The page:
CLM is at its best when it opens cultural and relationship doors. @oldghost, you tour China in a similar way to the way I did on an 8-month tour of Europe in 1981. I had previously written off that sort of travel in China but every now and again you make me contemplate it. Unlike you, I love Shanghai the birthplace of my partner. I will never tire from visiting Shanghai.

 

@JohnAbbot, your comment was helpful to me. I tried to find your movie "Raise The Red Lantern" but instead found Chinese historical story/myth TV series on Netflix that I can use to help get me back into more active learning of Mandarin.

#2019-10-26 11:08:10 by roughdiamond @roughdiamond


@melcyan

Raise The Red Lantern

https://youtu.be/0BVKEaXhWak

#2019-10-26 15:52:23 by oldghost @oldghost

I preferred another of his with gongli - the Story of Qiu Jiu 1992 with its depiction of village life.  His later epic movies like Curse of the Golden Flower 2006 were as bad as his early movies were good.  Same with Tarantino - Pulp Fiction wonderful, The Hateful eight dreadful!

#2019-10-26 16:33:22 by melcyan @melcyan

@roughdiamond

 

Thank you!  I couldn't find this when I searched. Great movie. I know the foot massage was not supposed to be funny but it certainly made me smile. A foot massage sends my partner into another world. Does it have the same effect on all Chinese women? Maybe it has the same effect on women all over the world.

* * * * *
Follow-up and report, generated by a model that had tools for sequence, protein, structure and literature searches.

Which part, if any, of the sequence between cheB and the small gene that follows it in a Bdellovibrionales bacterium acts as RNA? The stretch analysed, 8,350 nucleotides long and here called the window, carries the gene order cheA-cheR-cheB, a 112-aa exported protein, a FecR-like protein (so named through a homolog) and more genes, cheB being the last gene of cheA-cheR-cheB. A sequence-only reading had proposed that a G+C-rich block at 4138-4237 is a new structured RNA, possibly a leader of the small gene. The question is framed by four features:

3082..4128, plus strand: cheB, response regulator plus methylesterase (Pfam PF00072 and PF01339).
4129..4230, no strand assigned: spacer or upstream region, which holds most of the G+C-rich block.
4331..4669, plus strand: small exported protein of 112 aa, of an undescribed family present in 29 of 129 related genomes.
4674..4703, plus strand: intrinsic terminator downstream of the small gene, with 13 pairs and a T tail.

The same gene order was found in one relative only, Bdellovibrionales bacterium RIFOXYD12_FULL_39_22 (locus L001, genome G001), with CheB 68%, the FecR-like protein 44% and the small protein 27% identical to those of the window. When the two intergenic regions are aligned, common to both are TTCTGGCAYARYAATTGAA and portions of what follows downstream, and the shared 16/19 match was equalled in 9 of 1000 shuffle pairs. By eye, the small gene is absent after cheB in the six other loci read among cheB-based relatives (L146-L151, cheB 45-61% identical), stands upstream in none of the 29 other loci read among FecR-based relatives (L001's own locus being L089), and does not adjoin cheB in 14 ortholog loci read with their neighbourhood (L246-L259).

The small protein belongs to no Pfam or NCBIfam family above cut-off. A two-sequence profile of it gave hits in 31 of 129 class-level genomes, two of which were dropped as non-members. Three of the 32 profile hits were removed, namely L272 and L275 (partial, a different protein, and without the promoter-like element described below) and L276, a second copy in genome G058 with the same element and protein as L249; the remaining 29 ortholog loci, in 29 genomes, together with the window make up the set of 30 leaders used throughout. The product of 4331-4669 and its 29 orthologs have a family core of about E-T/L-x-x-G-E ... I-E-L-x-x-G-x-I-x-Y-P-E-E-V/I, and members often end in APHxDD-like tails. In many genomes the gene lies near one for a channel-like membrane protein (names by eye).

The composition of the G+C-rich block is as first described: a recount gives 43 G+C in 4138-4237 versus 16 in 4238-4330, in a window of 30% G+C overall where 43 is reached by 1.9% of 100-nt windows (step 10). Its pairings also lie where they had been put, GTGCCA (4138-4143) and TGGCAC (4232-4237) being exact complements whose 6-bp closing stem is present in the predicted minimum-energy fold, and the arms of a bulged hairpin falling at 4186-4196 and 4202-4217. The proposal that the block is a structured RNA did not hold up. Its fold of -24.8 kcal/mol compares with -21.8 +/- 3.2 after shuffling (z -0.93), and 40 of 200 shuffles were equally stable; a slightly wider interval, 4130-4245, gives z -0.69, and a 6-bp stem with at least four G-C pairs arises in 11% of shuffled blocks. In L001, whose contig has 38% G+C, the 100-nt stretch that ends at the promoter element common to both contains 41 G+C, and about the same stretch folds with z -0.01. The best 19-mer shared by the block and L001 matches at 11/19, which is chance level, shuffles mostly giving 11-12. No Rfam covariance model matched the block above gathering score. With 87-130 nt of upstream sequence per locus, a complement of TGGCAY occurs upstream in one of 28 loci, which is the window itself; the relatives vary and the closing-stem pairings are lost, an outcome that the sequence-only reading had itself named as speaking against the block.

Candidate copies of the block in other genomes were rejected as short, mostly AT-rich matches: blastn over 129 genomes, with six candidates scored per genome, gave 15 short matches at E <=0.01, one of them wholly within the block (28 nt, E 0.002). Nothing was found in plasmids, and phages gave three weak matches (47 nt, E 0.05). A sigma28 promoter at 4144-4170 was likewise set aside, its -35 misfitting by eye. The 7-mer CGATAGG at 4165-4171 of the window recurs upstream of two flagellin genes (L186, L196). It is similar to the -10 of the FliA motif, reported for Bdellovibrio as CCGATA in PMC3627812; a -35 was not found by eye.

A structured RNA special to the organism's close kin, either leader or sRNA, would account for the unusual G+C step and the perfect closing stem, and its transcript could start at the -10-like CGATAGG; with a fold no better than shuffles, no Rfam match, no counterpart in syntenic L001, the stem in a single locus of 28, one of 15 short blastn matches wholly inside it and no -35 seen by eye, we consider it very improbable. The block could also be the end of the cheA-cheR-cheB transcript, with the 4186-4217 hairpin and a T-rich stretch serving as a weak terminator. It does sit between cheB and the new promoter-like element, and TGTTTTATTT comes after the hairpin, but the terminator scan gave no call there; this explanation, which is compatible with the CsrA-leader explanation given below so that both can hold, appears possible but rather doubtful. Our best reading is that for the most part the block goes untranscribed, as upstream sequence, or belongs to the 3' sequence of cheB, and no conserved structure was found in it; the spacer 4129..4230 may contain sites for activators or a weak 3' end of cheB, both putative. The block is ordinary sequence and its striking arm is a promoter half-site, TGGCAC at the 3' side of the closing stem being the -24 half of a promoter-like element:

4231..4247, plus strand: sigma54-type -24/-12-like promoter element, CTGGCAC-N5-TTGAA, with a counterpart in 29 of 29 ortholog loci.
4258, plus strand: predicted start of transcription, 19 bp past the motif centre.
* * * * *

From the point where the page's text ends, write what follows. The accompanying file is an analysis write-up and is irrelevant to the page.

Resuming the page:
#2019-10-26 18:38:07 by paulfox1 @paulfox1

China has some beautiful, and fascinating old towns. I am fortunate to have visited many. Shanghai has some beautiful out-of-the-way places too, but overall I think Shanghai, although stunningly beautiful, is far too commercialised for me to ever want to live there.

For the more commercial traveler wishing to experience some of this culture, Xiamen, and the island of 'Gu Lang Yu' are well worth a visit.

As for interesting Chinese movies, 'The Great Wall' is an excellent movie IMHO.

#2019-10-27 13:59:08 by melcyan @melcyan

Shanghai is not a tourist attraction for me. It is where my partner was born and lived until she was thirty-four years old. To walk the streets where she played as a child is fascinating. To share the hearts and homes of her relatives, lifelong friends and former classmates/ work colleagues (also lifelong bonded) is amazing.

 

There are many different worlds inside Shanghai that are outside the normal tourist experience. To get glimpses of these very different worlds through the eyes of locals is so rewarding. Sometimes you can feel the history of Shanghai radiating from the walls of buildings that are off the tourist trail. All of these experiences further help me understand my partner better.